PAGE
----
Earnings season wrap-up: 20 August
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Christine St Anne is Morningstar's online editor and Nicholas Grove is a Morningstar journalist.
Bendigo's cash earnings "slightly disappointing," dividend flat
Bendigo and Adelaide Bank (BEN) recorded a 3.9 per cent fall in cash earnings - a preferred measure of underlying performance among the Australian banks - to $323 million for fiscal 2012.
The result was short of Morningstar's forecast cash earnings of $339.2 million.
Cash earnings per share were down 8.7 per cent to 84.2 cents for the year, the bank said.
The bank declared full-year dividends of 60 cents a share, fully franked, unchanged on the previous year and in line with Morningstar's expectations.
Morningstar sector head of financials, infrastructure, insurance and property, David Ellis, described the result as "slightly disappointing".
"The fiscal 2012 performance is solid at best and highlights the tough market position the regional banks face compared to their major bank peers," Ellis said.
"Return on equity (ROE) is a problem, and Bendigo suffered again with cash ROE declining from 9.1 per cent in fiscal 2011 to 8.4 per cent in fiscal 2012."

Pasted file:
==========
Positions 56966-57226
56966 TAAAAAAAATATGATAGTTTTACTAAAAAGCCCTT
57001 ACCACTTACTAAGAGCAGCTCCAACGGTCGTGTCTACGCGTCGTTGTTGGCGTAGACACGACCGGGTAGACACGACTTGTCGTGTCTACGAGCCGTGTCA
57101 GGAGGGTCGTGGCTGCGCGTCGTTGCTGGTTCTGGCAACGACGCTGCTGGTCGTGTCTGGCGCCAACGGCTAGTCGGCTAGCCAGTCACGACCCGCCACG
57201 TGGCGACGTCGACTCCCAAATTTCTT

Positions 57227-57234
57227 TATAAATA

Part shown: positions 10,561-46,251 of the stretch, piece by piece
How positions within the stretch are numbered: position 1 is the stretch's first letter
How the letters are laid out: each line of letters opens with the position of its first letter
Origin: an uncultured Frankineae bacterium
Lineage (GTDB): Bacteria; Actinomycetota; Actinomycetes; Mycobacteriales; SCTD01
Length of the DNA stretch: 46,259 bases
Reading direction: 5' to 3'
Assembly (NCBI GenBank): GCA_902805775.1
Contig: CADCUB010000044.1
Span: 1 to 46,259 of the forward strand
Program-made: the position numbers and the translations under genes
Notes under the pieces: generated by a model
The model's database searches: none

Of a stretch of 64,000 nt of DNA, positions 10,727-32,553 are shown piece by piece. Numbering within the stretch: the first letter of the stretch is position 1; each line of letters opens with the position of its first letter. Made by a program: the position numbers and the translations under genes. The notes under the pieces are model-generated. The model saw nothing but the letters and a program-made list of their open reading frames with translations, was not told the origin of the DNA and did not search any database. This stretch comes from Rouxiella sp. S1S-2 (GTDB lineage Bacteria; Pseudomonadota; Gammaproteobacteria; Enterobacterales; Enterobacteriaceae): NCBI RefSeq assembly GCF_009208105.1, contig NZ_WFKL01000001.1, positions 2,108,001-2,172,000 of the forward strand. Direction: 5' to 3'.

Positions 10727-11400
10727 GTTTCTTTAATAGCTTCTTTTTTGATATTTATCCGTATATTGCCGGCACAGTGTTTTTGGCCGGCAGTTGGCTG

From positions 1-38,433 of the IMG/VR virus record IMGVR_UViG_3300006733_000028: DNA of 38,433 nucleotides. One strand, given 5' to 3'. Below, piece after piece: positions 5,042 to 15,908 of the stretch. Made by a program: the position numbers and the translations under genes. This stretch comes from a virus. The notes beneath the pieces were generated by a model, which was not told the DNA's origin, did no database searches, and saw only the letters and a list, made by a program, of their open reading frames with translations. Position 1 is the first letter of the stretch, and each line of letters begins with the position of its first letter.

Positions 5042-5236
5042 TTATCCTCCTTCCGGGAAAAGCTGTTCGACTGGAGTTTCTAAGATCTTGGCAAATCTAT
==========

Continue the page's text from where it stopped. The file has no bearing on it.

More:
Bendigo and Adelaide Bank managing director Mike Hirst said the past 12 months had continued to be challenging for all Australian banks.
"We have been able to limit net interest margin contraction through prudent and proactive balance sheet management. We have sought to price both assets and liabilities in the most appropriate manner for all stakeholders," Hirst said in a statement.
"This has been combined with an active hedging program which, while expensive, has successfully mitigated the risk of significant margin volatility over the period.
"High funding costs and low demand for credit has been felt across the sector, but despite this, Bendigo and Adelaide Bank continues to grow and invest in the business."
Despite these pressures of high funding costs, net interest margins (NIM) fell only 7 basis points over the year, the bank said.
Operating expenses grew by just 1.1 per cent over the year, the bank said. However, due to deteriorating revenues, the cost-to-income ratio increased to 59.1 per cent, versus 57.4 per cent in fiscal 2011.
The bank said it is maintaining its long-term cost-to-income target of 55 per cent, and as part of its continued cost focus, executives will forego their short-term incentive bonuses for fiscal 2012.